In Bayer AG’s latest Annual Report, published in February 2019, CEO Werner Baumann assured stockholders that thousands of product liability claims, which allege that cumulative use of Monsanto-produced glyphosate-containing herbicides causes non-Hodgkin lymphoma, would be defended on established medical and regulatory consensus:
‘We successfully completed the acquisition of Monsanto in summer 2018 ...
... there was a great deal if discussion last year about the safety of glyphosate. The ruling by a court of first instance in the Johnson case led to negative reactions in the media and the capital markets. This played into the hands of the activists and professional critics of agriculture. Among consumers and stockholders, it mainly caused uncertainty.
Yet the facts have not changed: glyphosate is still a safe product. That has been proven by numerous scientific studies and the independent assessments of regulatory authorities throughout the world over a period of more than 40 years.
Most recently, the Canadian health ministry once again reviewed the safety of glyphosate, stating unequivocally in January 2019 than “No pesticide regulatory authority in the world currently considers glyphosate to be a cancer risk to humans at the levels at which humans are currently exposed.” For us, this official statement serves to underline once again that we have the scientific facts on our side. We will therefore continue to vigorously defend glyphosate in all the pending litigation’.
Of course, we reported in April of this year (here), that Mr Baumann had been subjected to a vote of disapproval at the company’s annual general meeting (AGM) – a sign that shareholders were not inspired by their Chairman’s perceived confidence.
Even after the 2nd and 3rd trial losses, reported in editions 269 (here) and 274 (here) of BC Disease News, respectively, Bayer maintained that jury verdicts in favour of claimants do not ‘change the weight of over four decades of extensive science and the conclusions of regulators worldwide that support the safety of our glyphosate-based herbicides and that they are not carcinogenic’.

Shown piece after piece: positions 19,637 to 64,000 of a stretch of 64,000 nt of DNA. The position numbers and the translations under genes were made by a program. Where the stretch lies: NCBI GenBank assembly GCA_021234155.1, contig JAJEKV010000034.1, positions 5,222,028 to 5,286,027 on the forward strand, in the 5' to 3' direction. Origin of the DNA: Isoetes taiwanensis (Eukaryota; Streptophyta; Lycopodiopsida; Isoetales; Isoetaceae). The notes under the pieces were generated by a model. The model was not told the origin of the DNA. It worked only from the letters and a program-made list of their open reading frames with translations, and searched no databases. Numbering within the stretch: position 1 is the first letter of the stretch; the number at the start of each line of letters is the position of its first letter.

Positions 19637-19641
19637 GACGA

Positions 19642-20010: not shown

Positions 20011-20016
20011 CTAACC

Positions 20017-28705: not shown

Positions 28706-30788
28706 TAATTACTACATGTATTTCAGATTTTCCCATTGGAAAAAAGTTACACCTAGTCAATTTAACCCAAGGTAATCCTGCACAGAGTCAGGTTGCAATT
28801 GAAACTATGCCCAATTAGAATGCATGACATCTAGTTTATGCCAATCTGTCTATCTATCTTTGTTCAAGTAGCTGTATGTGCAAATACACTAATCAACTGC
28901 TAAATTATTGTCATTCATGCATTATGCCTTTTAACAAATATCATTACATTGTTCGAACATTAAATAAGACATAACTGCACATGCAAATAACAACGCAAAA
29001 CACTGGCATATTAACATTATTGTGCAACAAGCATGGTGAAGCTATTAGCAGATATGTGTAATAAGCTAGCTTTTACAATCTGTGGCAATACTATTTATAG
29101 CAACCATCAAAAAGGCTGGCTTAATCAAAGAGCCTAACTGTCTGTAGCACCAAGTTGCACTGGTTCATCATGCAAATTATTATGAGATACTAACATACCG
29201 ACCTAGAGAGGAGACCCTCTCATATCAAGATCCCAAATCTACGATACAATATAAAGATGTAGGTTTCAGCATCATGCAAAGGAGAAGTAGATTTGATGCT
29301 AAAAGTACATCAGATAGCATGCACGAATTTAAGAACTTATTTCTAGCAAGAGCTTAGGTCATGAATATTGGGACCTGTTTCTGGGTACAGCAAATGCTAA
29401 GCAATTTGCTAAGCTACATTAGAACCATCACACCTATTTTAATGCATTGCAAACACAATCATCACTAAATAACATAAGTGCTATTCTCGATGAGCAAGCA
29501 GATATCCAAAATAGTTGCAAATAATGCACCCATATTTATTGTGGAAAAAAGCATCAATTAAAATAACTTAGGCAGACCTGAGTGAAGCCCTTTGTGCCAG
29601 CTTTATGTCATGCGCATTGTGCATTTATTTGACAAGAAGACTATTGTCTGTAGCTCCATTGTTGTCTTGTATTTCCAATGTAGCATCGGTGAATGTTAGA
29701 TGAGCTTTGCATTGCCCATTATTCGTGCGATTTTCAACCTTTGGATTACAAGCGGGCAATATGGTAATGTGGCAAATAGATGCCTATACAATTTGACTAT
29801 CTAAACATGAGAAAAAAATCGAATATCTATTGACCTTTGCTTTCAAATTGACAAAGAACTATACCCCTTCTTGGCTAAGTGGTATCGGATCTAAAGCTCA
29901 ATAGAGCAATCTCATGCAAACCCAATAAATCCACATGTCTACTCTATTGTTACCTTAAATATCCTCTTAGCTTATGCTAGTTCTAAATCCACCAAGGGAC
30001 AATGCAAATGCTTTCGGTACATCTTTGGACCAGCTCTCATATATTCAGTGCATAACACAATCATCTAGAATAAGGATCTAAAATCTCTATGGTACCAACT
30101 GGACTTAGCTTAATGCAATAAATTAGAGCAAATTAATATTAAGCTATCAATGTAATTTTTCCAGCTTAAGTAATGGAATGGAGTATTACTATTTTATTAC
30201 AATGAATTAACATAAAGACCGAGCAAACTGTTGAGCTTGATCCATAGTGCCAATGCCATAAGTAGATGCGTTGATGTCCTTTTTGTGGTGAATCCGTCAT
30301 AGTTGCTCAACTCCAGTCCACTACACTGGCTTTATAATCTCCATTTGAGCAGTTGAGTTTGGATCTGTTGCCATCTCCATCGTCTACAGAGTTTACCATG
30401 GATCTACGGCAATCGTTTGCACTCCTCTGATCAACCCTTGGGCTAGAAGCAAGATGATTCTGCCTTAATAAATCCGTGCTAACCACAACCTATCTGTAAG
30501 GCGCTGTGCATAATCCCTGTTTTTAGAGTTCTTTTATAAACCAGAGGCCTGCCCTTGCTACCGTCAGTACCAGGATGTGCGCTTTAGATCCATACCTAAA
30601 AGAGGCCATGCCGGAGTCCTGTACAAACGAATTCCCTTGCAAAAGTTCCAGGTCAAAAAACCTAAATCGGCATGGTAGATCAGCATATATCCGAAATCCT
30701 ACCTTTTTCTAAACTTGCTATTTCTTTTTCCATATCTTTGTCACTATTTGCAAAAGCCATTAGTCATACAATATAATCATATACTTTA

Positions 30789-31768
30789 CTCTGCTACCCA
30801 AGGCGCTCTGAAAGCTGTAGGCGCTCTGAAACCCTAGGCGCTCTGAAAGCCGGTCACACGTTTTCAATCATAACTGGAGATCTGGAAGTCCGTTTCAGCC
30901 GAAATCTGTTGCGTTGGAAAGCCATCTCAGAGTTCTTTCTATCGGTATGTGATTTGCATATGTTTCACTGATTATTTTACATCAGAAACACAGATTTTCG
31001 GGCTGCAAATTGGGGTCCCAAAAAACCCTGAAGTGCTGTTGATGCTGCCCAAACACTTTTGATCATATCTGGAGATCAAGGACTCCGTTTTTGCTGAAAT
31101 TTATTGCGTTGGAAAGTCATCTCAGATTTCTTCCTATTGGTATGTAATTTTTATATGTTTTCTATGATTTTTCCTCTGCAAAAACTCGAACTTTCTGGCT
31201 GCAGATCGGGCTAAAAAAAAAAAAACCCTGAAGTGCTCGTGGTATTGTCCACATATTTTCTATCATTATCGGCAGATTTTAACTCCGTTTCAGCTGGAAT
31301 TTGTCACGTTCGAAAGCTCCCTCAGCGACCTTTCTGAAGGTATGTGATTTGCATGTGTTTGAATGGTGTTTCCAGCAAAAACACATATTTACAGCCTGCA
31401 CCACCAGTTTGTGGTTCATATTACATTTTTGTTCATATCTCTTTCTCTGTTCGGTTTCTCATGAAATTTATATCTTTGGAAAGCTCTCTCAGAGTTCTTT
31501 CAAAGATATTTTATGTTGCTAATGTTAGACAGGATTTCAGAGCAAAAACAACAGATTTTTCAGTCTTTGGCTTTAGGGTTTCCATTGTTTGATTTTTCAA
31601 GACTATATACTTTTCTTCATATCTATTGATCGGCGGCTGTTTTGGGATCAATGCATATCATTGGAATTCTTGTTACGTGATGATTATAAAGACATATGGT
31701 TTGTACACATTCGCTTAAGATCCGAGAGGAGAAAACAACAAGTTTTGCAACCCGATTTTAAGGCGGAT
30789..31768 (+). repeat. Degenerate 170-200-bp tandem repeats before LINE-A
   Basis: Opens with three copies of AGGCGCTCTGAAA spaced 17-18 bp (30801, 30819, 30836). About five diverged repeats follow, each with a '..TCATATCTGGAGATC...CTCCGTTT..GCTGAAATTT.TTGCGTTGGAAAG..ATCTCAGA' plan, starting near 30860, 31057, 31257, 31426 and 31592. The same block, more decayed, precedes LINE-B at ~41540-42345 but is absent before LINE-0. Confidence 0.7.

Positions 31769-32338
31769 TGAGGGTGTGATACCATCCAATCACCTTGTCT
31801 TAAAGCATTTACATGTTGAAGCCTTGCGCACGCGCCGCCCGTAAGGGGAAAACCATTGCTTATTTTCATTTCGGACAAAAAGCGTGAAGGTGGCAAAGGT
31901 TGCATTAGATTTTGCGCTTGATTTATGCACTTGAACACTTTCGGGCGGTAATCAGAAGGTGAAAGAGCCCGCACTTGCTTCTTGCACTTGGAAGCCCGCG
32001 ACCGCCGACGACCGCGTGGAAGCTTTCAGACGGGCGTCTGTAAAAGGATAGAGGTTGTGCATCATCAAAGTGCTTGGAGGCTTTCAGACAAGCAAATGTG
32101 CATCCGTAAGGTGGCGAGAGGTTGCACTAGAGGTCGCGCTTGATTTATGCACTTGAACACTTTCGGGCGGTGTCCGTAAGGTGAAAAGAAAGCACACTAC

The fact that the agrichemical giant has just pledged to invest €5 billion (£4.5 billion) over the next decade to develop ‘additional methods to combat weeds’ and reduce its environmental impact by 30% come 2030, would appear, at least at first blush, to contradict their consistently robust defence strategy.[i]
Nevertheless, Bayer spokesperson, Tino Andresen, was clear in stating that this multi-billion euro outlay falls under the company’s existing annual budget for crop science research and development, in the knowledge that seed and digital farming businesses are expecting to enhance their crop yield with innovative products.
To be clear, Bayer’s capital spending is therefore not part of a wider plan to replace glyphosate, which reinforces its insistent declaration that glyphosate does not pose a risk to human health:
‘While glyphosate will continue to play an important role in agriculture and in Bayer’s portfolio, the company is committed to offering more choices for growers’.[ii]
Also, this week, Bayer submitted court filings in Alameda County Superior Court, California, in an attempt to have the $2 billion jury verdict, delivered in May 2019, overruled:
‘The resulting trial focused not on ascertaining the truth regarding the state of the science, causation, and compliance with legal duties, but instead on vilifying Monsanto in the abstract’.[iii]
Will trial Judge, Superior Court Judge Winifred Smith, sustain the original decision?
In a final glyphosate-related update, the European Commission has pledged greater transparency, as it prepares to commence a soon-approaching re-assessment of glyphosate licensing in the EU.
On 12 December 2017, the Commission renewed its approval of glyphosate for a shorter, 5-year term.
Subsequently, on 15 April 2019, Member States in the Standing Committee on Plants, Animals, Food and Feed endorsed the Commission’s proposal to designate joint rapporteurs for the next assessment of glyphosate.[iv] The nominated Assessment Group on Glyphosate (AGG) comprises of France, Hungary, the Netherlands and Sweden, as was confirmed by formal adoption of the Commission Implementing Regulation (EU) 2019/724.
[i] Tassilo Hummel, ‘Bayer says to invest five billion euros in new weed killers’ (14 June 2019 Reuters) <https://uk.reuters.com/article/uk-bayer-glyphosate-idUKKCN1TF0IJ> accessed 18 June 2019.
[ii] Tim Loh and Naomi Kresge, ‘Bayer Dangles $5.6 Billion Olive Branch to Roundup Critics’ (14 June 2019 Bloomberg) <https://www.bloomberg.com/news/articles/2019-06-14/bayer-to-invest-5-6-billion-in-alternatives-to-glyphosate> accessed 18 June 2019.
[iii] Tina Bellon, ‘Bayer asks trial judge to reverse $2 billion Roundup jury verdict’ (18 June 2019 Reuters) <https://www.reuters.com/article/us-bayer-glyphosate-lawsuit/bayer-asks-trial-judge-to-reverse-2-billion-roundup-jury-verdict-idUSKCN1TJ1Z8> accessed 20 June 2019.
[iv] ‘Glyphosate’ (Europa.EU) <https://ec.europa.eu/food/plant/pesticides/glyphosate_en> accessed 20 June 2019.